So what did they tell you to change?
We were told that not having a wine list was ridiculous, but we can’t afford a wine list. And to put a bottle of wine on the table, serve sangria, all sorts of tired, hokey-pokey things. It was a circus mentality — watch this guy jump through flaming hoops but we’re not going to talk about what we’re actually doing here. We couldn’t just be who we were. And when we questioned why we weren’t getting people in despite all the press, we were told it wasn’t their fault.
How much was all this costing you, and affecting the bottom line?
It’s thousands a month, even for the smallest places. It’s almost $1,000 a week, which was maybe 25 to 30 percent of our gross.
Does cooking in such a small space every night, with such a close eye on your diners, spark a sort of Kenny Shopsin attitude, where you’re more controlling or temperamental than a chef who can’t see who’s eating his food?
Absolutely, the place is called JoeDoe because that’s my nickname even if people make fun of it. That’s why I find it hard to believe that someone would go and write that they’ve had a bad meal. I was standing right there and I cooked every morsel of food — if you have a problem, why not tell me you didn’t like the food, or something was overcooked ... Instead you try to be snippy because you didn’t get the pictures you wanted. That’s just juvenile — you’re not entitled to do whatever you want in someone else’s place. At Cornell I was taught the customer is always right, but the customer is not always right.
Okay, so why are customers wrong for wanting to take photos?
I have a 26-seat restaurant the size of a studio apartment. Imagine if you dimmed the lights on your studio apartment and you had a flashbulb go off every twenty seconds. If I wanted my restaurant to be a discothèque, I would’ve opened a discothèque. If you want to take pictures I’ll always let you come back during non-service hours, but no one takes me up on that because they just want to come in for their 45-minute meal and write something really snippy if you’re not nice enough to them, or you do something they don’t like. If you really have a problem with what I do, don’t come here and tell me to be different — just don’t come here. But New York diners have a snobbish attitude — someone said recently that we’re a bunch of big kids. If I hear one more time that “my pork belly is too fatty,” I’m going to throw up.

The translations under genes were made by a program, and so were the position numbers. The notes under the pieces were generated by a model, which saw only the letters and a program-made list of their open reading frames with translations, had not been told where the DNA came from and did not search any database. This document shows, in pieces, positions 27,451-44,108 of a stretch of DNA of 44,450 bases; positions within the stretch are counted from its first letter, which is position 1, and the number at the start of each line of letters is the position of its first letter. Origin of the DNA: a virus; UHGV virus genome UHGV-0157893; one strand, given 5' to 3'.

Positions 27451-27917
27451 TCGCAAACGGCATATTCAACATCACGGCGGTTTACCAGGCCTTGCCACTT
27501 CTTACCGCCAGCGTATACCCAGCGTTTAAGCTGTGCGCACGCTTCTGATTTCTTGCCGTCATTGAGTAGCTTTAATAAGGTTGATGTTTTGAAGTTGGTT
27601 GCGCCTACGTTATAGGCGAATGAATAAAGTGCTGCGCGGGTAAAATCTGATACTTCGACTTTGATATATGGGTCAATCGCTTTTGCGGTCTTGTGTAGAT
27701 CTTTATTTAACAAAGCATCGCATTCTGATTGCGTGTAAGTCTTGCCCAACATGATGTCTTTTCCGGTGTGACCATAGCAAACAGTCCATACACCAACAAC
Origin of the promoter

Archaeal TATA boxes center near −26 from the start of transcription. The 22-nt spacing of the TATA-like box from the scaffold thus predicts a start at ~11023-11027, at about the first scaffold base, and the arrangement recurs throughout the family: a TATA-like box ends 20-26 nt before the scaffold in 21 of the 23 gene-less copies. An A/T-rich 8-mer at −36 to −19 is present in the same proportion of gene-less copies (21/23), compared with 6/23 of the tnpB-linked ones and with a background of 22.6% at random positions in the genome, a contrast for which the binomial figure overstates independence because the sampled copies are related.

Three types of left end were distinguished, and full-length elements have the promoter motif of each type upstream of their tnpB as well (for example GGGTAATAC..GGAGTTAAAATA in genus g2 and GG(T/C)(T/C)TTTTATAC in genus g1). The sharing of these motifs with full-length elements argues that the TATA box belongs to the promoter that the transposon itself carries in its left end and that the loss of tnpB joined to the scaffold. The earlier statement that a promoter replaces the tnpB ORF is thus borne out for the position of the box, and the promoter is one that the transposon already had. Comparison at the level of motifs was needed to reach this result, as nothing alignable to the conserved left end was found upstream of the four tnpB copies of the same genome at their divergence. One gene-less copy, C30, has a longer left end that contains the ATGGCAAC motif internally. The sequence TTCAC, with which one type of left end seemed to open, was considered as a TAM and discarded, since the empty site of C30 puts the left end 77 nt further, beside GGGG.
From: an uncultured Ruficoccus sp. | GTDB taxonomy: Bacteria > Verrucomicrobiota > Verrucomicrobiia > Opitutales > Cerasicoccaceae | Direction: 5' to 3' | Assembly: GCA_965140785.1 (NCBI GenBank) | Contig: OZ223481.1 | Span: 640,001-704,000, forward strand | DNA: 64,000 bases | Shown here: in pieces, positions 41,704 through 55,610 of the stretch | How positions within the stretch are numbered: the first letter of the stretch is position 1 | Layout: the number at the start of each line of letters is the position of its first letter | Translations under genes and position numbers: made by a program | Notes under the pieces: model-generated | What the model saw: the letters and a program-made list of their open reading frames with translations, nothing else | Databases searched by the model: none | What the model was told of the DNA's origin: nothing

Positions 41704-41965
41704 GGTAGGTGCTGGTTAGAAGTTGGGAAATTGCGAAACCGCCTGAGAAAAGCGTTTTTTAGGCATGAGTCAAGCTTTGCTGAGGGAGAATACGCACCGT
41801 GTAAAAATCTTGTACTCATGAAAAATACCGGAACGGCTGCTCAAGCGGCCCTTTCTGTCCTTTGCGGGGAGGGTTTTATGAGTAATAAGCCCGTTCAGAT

You took offense to the review’s observation that no one else was in the restaurant. How is JoeDoe doing, anyway?
The thing that was ridiculous is that if the guy was here at 9:30 p.m. when most people in the East Village eat, he would’ve seen the place packed. Restaurants don’t need to make their money all day long — unfortunately there’s not a lot of diners out there, and unless you’ve been around for ten years à la Prune it’s very difficult during the week. I’m not going to say we’re packed Monday through Wednesday, but we do kick-ass business Friday, Saturday, Sunday. I have a ten-year lease and I’m not going anywhere.
You mentioned Prune, which you called out when you were first opening. What’s your relationship like now?
I don’t think we have a relationship. I have a lot of respect for [chef-owner Gabrielle Hamilton] even though she doesn’t have respect for me.
What makes you think that?
She’s never spoken one word to me — parks her car outside my restaurant and never says hello.
Have you tried to reach out to her?
Yes and no. We are sort of intimidated by her, honestly — it’s the big fish, small fish thing. She’s the big dog on the block. In my mind I’d hope she’d approach it more in a mentor type way.
What about your relationship with your wife, Jill — has operating the restaurant almost literally hand in hand with her put a strain on things?
My dream of dreams is that we’d be the next Waltuck couple — our relationship has actually gotten stronger. I slowly sucked Jill away from her intense passion for dance but now she’s here and gets to see what I do on a daily basis, and now she has entered the big realm of cocktails and put everyone on notice.